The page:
How to Make Bedtime Peaceful
As the sun goes down, a war of wills breaks out in children’s bedrooms across the country. Children, anxious to not miss anything going on around them, resist getting and staying in bed. Parents, knowing that they will pay the price in the morning if their kids are overtired, use every trick in the book to ensure a good night’s sleep. But with some consistency and preplanning, bedtimes can be filled with gentle snores of slumber as opposed to the screams and tears of battle.
1.Establish a routine: Children do better when they know what to expect. When any transition is chaotic or different every time, children can be stressed and this can come out in the form of tantrums or resistance.
The routine may include a bath, putting on pj’s, brushing teeth, listening to two stories, trip to the bathroom, a final kiss, and lights off. You can even post a timeline of the routine next to a child’s bed and he or she can move a clothespin to show where you are in the routine.
2. Be consistent: Set a bedtime and stick to it as consistently as possible. Children get into a routine and their bodies send them cues when it’s time to go to sleep and time to wake up. If that time is missed, they often become overtired and find it very difficult to settle down.
Consistency also means not giving in if a child insists on something like sleeping in your bed (if that isn’t the routine) or another drink of water. If you give in after 25 minutes of a tantrum, your child will learn that after that amount of time they will get what they want.
3. Give choices: Sometimes children resist bedtime as a way to exert power, as they have no power in other parts of their life (and having some power is a human need). Give your child small choices in ways that do not impact on the process. For example, “do you want your red or blue pajamas tonight?” Or, “which story do you want to read before bed?” Or, “do you want to brush your teeth or put on your pj’s first?” No matter what choice the child makes, you are moving toward the ultimate goal of sleep.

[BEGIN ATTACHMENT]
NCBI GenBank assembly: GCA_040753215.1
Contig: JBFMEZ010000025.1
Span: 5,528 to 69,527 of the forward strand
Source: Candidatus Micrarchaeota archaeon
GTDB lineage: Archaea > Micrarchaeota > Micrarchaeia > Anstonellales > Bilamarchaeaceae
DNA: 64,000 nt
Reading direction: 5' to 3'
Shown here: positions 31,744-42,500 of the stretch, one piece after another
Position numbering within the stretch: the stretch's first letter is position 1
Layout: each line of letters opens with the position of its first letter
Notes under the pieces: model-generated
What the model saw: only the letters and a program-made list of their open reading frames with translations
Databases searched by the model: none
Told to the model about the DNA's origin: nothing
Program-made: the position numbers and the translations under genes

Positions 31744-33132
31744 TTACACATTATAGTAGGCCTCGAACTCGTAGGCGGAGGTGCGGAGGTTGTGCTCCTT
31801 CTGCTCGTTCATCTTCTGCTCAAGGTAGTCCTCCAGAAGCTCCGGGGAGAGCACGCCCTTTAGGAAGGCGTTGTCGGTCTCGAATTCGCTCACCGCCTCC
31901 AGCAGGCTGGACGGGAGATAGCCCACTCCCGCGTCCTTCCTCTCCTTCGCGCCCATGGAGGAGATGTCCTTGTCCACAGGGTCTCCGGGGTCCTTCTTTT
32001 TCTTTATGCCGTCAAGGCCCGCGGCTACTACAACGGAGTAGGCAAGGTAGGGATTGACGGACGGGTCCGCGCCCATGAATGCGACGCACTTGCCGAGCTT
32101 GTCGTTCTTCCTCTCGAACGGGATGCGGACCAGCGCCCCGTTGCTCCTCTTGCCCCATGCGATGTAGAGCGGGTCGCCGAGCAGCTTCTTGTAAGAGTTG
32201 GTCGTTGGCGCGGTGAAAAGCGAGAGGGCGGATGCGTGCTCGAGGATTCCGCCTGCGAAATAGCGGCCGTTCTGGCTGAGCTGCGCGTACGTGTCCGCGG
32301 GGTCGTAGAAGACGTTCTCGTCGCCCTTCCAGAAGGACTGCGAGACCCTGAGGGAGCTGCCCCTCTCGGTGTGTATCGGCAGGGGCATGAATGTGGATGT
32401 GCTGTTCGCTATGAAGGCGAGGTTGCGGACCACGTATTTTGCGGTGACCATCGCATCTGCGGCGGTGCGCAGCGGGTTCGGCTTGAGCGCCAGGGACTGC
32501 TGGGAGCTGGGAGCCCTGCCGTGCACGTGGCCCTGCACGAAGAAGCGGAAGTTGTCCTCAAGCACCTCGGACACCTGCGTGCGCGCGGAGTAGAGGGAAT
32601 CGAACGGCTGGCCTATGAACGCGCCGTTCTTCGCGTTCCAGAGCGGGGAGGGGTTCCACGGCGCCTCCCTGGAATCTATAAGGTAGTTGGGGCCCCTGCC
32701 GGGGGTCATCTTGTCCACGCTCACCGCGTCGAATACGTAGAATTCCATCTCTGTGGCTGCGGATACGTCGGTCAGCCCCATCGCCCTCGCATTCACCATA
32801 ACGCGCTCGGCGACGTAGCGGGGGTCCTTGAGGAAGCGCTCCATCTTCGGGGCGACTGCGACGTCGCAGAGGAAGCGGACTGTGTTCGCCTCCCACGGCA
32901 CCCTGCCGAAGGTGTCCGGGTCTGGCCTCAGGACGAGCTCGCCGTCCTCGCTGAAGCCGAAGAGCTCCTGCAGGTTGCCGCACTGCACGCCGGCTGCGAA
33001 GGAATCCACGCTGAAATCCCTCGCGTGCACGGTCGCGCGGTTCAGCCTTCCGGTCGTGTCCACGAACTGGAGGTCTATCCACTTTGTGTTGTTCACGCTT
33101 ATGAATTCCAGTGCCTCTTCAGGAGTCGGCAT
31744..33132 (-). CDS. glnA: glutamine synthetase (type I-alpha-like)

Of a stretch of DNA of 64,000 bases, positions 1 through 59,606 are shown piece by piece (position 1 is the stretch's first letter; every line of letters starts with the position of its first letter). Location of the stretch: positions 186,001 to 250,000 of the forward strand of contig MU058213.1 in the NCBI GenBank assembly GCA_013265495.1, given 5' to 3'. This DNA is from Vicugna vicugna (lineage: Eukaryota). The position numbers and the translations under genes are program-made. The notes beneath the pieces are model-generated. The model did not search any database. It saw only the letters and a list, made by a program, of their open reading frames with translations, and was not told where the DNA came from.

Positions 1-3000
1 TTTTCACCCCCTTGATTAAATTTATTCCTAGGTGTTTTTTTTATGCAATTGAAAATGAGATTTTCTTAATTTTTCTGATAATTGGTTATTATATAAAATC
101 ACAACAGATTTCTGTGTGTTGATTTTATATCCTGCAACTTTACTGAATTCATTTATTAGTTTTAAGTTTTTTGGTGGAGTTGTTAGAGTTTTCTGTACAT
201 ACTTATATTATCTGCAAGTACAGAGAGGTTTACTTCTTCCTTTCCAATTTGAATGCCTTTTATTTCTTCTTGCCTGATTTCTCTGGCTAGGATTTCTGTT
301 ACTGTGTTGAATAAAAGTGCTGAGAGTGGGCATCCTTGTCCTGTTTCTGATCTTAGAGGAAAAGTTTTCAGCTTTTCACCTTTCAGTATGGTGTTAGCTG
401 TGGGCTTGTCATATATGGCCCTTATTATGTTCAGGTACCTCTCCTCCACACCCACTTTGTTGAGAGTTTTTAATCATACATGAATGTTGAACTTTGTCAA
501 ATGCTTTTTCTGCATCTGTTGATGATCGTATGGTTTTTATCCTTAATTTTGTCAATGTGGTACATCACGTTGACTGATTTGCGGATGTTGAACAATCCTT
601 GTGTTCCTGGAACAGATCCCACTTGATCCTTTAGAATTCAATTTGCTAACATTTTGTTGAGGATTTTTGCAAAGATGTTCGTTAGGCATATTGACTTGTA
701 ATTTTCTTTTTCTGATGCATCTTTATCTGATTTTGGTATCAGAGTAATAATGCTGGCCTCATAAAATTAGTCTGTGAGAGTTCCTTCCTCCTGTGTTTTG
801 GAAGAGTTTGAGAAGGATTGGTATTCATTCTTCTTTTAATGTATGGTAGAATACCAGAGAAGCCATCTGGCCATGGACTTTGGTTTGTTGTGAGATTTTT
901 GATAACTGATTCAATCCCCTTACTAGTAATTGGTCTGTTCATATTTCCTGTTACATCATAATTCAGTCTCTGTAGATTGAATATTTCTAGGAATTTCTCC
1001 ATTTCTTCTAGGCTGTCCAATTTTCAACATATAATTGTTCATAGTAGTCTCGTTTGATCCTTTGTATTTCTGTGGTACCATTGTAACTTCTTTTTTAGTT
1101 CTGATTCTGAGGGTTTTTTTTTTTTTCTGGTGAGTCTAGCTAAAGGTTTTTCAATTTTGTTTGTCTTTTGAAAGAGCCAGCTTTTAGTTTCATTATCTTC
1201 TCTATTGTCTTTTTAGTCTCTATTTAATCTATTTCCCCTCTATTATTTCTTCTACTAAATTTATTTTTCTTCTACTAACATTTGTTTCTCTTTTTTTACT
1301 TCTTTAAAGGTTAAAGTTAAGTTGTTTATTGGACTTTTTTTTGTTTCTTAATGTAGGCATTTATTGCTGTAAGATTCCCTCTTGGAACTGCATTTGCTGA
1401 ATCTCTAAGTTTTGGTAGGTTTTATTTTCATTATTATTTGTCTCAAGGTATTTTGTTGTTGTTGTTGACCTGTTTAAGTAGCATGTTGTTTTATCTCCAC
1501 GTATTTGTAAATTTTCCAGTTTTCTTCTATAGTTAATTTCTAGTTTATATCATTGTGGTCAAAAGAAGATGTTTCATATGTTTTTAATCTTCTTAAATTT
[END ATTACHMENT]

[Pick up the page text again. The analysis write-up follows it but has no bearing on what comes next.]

Be careful not to give choices that you aren’t ready to hear the answer for, for example, “are you ready to go to bed?”
4. Invest time: The 10 minutes it takes to read a couple of stories and sit with your child in bed can help him or her calm down and go to sleep. This is a small investment when you look at the hour long battle that might ensue if children are rushed or simply put into bed with no routine.
5. Remove distractions: Televisions, radios, and all sorts of electronics’ screens can send wake messages to children’s beds and lead them to resist sleep. Make your child’s bedroom a peaceful haven, free of these distractions. A small nightlight (if needed) and soft, gentle music can help your child sleep without stimulating them.
6. Provide buffers: It can be difficult for children to transition from one activity to another without warning or lead-up. If you’re going to start the bedtime routine at 7:30, at 7:15 begin to support your child in calming down. Tell your child there are about 15 minutes to bed and give the choice between quiet toys, an episode of their favorite show, stories, or coloring (for example). All of these will help your child begin the calming process.
7. Use timers: If your child is resistant to sleep, you can set up a timer system. Set a timer for five minutes and tell your child if he or she stays in bed until the timer rings, you will come in for one more kiss. Continue to set the timer for longer and longer so that your child learns to stay in bed.
8. Make a book: In a world that is constantly moving, sometimes a child does not know what it means to calm down and sleep. Provide him/her a guide by making a book. On each page, write a step of your bedtime routine. You can also create pages that tell what it means to fall asleep. For example, “we lie real still and close our eyes. In our minds we think happy thoughts. We breath slowly and deeply to help our bodies calm down.” On the final page, show a picture of your child asleep. Your child can draw the pictures for the story.
The most important thing to remember is that this is not forever. Soon the day will come when the only thing your teen seems interested in is sleeping. So, keep calm, keep the faith, and power on.
– Michelle Salcedo, M.Ed, Chief Academic Officer of The Sunshine House
Ms. Salcedo has been in the field of early childhood for over 30 years. She has worked as a teacher, a director, a trainer, and a family educator in numerous child care settings. She has also worked in a leadership position in the Education Departments of two of the largest childcare corporations in the United States. Ms. Salcedo has also authored various articles and training modules as well as travelled the country as a trainer and key note speaker at conferences and early childhood events. She has a Master’s Degree in Early Childhood Education and an undergraduate degree in Developmental Psychology with an emphasis in Family Life Education.